Here at dxw we recently completed a discovery project for NHS Jobs. In this project we wanted to know how people currently used NHS Jobs and what they needed in a recruitment tool.

Finding people who use NHS Jobs was simple in some cases, and tricky in others. We identified three main user groups: job seekers, recruitment staff and NHS line managers who shortlist and conduct interviews.

It wasn’t difficult to find job seekers because the NHS is the world’s fifth largest employer. Between the dxw staff we could find people from our personal networks who then in turn could suggest more people we could talk to. This method of participants referring participants is commonly known as snowball sampling.

However, the other two user groups would be difficult for us to recruit for on our own. Luckily, those working with us on the client side were open to putting us in touch with recruitment staff and line managers.This was something we discussed with the Department of Health/NHS team when we started working with them, so they could have a head start in compiling a list of people for us to talk to within the NHS.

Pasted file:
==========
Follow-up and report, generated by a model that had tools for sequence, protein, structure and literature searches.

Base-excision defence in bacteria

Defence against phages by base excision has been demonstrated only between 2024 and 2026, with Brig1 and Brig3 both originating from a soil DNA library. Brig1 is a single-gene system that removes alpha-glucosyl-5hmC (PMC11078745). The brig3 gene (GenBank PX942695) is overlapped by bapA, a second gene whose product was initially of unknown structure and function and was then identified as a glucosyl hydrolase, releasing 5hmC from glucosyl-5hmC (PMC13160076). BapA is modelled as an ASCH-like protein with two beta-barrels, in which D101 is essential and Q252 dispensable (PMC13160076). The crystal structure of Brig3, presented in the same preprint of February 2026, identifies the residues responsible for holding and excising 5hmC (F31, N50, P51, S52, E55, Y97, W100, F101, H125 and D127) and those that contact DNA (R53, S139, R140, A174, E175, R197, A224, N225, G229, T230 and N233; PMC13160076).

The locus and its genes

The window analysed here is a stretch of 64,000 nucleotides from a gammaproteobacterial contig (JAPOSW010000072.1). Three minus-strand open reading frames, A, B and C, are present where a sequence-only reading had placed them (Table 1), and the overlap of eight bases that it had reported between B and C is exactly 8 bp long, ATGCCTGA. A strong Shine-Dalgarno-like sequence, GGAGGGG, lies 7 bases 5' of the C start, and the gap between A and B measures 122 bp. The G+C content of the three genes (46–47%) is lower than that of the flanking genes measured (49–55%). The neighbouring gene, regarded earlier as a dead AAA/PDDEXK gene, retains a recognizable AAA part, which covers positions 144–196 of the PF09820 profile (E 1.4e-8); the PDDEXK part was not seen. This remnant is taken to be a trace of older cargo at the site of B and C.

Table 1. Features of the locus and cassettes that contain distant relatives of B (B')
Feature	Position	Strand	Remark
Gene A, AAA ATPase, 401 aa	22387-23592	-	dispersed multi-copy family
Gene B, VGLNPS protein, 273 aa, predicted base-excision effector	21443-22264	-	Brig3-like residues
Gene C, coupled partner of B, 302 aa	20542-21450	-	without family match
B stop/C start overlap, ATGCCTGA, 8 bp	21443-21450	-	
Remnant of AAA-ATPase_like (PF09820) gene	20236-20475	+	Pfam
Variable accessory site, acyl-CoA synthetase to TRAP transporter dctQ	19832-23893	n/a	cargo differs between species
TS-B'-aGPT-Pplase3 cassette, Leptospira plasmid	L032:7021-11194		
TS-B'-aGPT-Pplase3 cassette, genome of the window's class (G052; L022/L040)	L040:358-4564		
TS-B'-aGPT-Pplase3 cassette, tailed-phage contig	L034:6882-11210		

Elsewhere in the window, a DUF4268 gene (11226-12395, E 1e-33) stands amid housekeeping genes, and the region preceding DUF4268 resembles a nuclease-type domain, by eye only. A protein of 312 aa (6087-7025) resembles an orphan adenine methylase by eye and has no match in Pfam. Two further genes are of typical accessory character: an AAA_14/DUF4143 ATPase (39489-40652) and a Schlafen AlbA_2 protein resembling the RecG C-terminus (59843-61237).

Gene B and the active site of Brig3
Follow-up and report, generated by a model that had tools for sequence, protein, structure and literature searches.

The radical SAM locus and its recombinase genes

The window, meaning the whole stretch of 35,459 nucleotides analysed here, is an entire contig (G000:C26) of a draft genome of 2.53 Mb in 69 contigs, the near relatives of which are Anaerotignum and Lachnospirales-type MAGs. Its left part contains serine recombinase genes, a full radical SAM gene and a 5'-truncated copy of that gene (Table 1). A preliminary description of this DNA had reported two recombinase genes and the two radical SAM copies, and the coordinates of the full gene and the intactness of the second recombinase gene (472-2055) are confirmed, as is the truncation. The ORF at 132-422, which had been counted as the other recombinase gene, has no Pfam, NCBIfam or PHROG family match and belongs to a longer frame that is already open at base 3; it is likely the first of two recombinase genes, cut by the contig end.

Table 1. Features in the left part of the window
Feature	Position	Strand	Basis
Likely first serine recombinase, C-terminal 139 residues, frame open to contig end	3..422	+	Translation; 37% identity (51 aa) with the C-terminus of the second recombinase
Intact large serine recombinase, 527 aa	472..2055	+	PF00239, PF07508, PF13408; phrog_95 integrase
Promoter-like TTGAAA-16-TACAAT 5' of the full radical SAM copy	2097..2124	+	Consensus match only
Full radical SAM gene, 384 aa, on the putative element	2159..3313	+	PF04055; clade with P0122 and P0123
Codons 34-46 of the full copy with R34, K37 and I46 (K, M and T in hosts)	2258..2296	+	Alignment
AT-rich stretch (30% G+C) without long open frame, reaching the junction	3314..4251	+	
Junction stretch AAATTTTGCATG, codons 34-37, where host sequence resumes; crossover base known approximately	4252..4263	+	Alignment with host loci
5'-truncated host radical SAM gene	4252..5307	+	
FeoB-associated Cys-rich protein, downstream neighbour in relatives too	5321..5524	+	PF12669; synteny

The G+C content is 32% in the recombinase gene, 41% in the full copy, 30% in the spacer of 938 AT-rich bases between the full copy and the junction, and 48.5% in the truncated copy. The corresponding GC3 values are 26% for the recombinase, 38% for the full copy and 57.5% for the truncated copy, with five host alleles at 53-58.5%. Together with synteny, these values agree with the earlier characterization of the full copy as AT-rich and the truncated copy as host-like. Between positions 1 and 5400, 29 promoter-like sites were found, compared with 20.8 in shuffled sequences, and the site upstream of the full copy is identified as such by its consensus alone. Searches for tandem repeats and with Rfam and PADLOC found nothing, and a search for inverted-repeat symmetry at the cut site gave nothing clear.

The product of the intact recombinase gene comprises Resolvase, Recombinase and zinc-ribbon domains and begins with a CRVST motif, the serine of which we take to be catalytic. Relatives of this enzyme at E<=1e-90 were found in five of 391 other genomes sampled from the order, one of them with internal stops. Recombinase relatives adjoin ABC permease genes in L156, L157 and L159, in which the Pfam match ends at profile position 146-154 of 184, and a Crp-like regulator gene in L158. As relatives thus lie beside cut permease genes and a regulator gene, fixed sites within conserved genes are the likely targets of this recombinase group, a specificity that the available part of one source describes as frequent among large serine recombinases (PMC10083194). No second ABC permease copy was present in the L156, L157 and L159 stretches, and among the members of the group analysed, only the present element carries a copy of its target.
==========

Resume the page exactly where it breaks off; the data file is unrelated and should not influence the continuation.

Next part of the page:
We had a few criteria for participants that they also shared. We wanted participants to be from a variety of geographic locations and a variety of NHS organisations. This was so we could find how user needs differed among different trusts and different roles being recruited.

At dxw, we ask our clients to take responsibility for finding the initial user research participants. In most cases this makes sense because we’re building services for them, and they’re likely to already be in contact with people we need to speak with or observe.

A few tips for good collaboration on research recruitment:

  1. Set up a shared file that both researchers and clients can access to add and manage contacts. We use a Google spreadsheet, shared only within the project team.
  2. Include space in the shared file for the researcher to note when they’ve made contact and scheduled time with the participant.
  3. If you’re suggesting someone for a researcher to talk to, make sure you’ve cleared it with them beforehand so they’re expecting the researcher’s call or email.
  4. Don’t tell a referred participant too much about what’s expected of them. We want the participant’s honest needs and thoughts.
  5. Make use of opportunities to attend a session with a researcher. It’ll help you gain first-hand experience and empathy for the user.

We haven’t gotten this collaborative research participant recruitment process perfect yet. In our NHS Jobs Discovery retro, we discussed ways we could do this better to make sure every user group’s needs are heard.

We’ve iterated our process and this recruitment method has worked really well on a number of other projects, giving us access to more users as we went along, prioritised findings and uncovered new user groups. We’d love to hear about how other teams have approached this.

Original source – dxw

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